Copyright © Karl Dahlke, 2023
For a million years, we viewed gravity is a force that pulls everything toward the ground. We didn't try to explain it, or understand it, it was just there.
Even the animals develop a working model of gravity. A dog or a cat knows how far he can fall without injury. Higher than that, and he won't jump. In You're a Good Man Charlie Brown, Snoopy is about to pounce down on a cat, when he says, “Gee, I never quite realized it was so far down to the ground from here. Hmmm.”
The Greeks accepted the reality of gravity, but wondered, why don't the stars and planets come crashing down to earth? The explanation was simple. The stars are points of light affixed to a sphere that rotates around the earth, and the planets, moving against the backdrop of stars, are carried about by gods, which keep them aloft. These explanations are somewhat untestable, but that was the hypothesis of the day.
Newton was the first to provide an explanation for gravity, or at least a mathematical model that could be tested. Everything doesn't fall to earth; any two objects fall toward each other. We never noticed, because the earth is trillions of times heavier than we are. When an apple falls, the earth pulls the apple down to the ground, yes, but the apple also pulls the earth up, in proportion to their masses. The earth may only come up a trillionth of the width of a proton, but it does come up to meet the falling apple. This he understood, in an epiphany, when he saw the apple fall. (It almost certainly did not fall on his head, that was added later.)
The earth is heavier than we are, but the sun is heavier still, and so, the planets all fall toward the sun. They don't crash into the sun, because they are in orbit. The force of gravity toward the sun balances the outward pull as the planets spin around the sun. Newton calculated those orbits from first principles, using the calculus that he invented, and it matched what we saw in the sky. Orbits that had baffled astronomers for 2,000 years were now explained, with mathematical precision. That was the proof that Newton was right.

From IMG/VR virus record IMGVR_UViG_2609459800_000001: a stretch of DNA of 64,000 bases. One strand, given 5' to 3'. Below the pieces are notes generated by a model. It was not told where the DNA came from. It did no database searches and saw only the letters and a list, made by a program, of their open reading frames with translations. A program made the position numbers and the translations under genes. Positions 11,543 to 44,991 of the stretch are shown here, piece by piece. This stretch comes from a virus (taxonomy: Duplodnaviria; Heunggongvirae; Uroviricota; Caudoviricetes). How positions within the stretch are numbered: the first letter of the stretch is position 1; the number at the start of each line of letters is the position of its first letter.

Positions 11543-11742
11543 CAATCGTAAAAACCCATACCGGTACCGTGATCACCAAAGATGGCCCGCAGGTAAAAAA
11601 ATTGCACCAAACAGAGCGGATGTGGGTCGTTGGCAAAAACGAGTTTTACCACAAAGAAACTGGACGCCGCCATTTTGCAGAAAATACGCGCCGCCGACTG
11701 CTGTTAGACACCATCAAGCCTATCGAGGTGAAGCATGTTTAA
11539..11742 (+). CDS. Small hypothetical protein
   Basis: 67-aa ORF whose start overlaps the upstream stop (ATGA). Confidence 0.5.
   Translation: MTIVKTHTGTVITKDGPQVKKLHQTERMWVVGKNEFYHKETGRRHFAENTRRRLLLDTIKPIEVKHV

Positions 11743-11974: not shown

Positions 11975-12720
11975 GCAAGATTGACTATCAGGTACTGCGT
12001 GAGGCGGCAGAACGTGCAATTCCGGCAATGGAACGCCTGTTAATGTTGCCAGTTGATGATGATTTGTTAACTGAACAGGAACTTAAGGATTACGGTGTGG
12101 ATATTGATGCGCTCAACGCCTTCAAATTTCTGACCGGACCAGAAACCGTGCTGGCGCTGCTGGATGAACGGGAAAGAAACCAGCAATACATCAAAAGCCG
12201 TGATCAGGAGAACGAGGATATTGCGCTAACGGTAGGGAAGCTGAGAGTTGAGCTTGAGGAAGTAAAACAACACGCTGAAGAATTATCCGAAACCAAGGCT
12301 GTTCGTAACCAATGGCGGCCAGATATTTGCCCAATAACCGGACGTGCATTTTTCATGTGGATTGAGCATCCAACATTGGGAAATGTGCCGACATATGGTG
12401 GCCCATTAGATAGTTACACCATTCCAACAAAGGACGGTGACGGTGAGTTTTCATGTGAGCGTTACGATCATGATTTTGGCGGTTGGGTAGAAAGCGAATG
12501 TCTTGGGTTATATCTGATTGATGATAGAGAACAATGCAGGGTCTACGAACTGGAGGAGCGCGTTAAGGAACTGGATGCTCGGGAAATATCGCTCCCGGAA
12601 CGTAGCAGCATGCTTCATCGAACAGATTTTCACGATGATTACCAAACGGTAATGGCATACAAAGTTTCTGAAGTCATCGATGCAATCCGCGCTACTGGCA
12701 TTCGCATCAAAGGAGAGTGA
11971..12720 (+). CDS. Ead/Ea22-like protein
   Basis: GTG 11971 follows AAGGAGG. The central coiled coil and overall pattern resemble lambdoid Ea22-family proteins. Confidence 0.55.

But it didn't explain the stars. They weren't really points of light on a sphere, but suns far away. Why then didn't they fall toward us, i.e. toward our sun, or more accurately, why didn't all the stars in the sky, including our sun, fall toward each other? We knew that the universe was very old, perhaps millions of years old. Even if the stars were far apart, whence the gravitational tug was weak, it was still there, and over millions of years, surely the stars would fall together. But they don't. They appear fixed in the sky, unmoving, eternal. This was called a "steady state".
This was such a profound mystery, that even Einstein wrestled with it. He finally came up with an unsatisfying constant, a fudge factor, that keeps them apart.
In the 1920's we found the answer. Stars and galaxies are flying apart, as though they had been blasted apart by an unseen force in the past. We express this in the succinct phrase, “The universe is expanding.”
How do we know that? It turns out, the starlight changes when the star moves toward or away from us. This is a form of the Doppler shift. When a fire engine comes up behind you, and passes you at high speed, its siren is higher when it is moving toward you, and lower when it is racing away. The pitch changes fairly quickly as it passes by. The same effect is heard at the race track, when cars whizz by at 200 mph. This is of course more pronounced than the fire engine travelling at 90 mph. Something similar happens to light as well. A specialized telescope can measure the shift in starlight, and thus, determine the speed of the star, towards or away from us.
With a few notable exceptions, all the stars are moving away. Furthermore, the farther away the star is, the faster it is moving away from us. This is consistent with the theory of a big bang in the past, that sent all the galaxies flying apart.
What we still don't know, a century later, is whether the universe will expand forever, or whether it will stop and collapse back onto itself. To illustrate, take a rubber ball and throw it up in the air. It flies away from your hand, and from the earth, for a while, but eventually gravity wins the day, and it comes back down. If you could throw it hard enough, and fast enough, it would not come back down. It would escape earth's gravity and fly off into space forever. Are the stars flying apart fast enough that they will spread out forever, or is that temporary, and some day, a trillion years from now, the stars will slow down and start to fall back together under their own gravity? We don't know.
There is a third theory, called dark energy. Some force, every bit as mysterious as gravity, pushes the stars apart. At the present time, it only works across great distances, but as the universe expands, this force becomes ever more powerful. At the end of time, the force will be so strong it will tear everything apart, including human beings, and even the atoms we are made of. This is called the big rip. There is some evidence for this idea, though it remains highly speculative.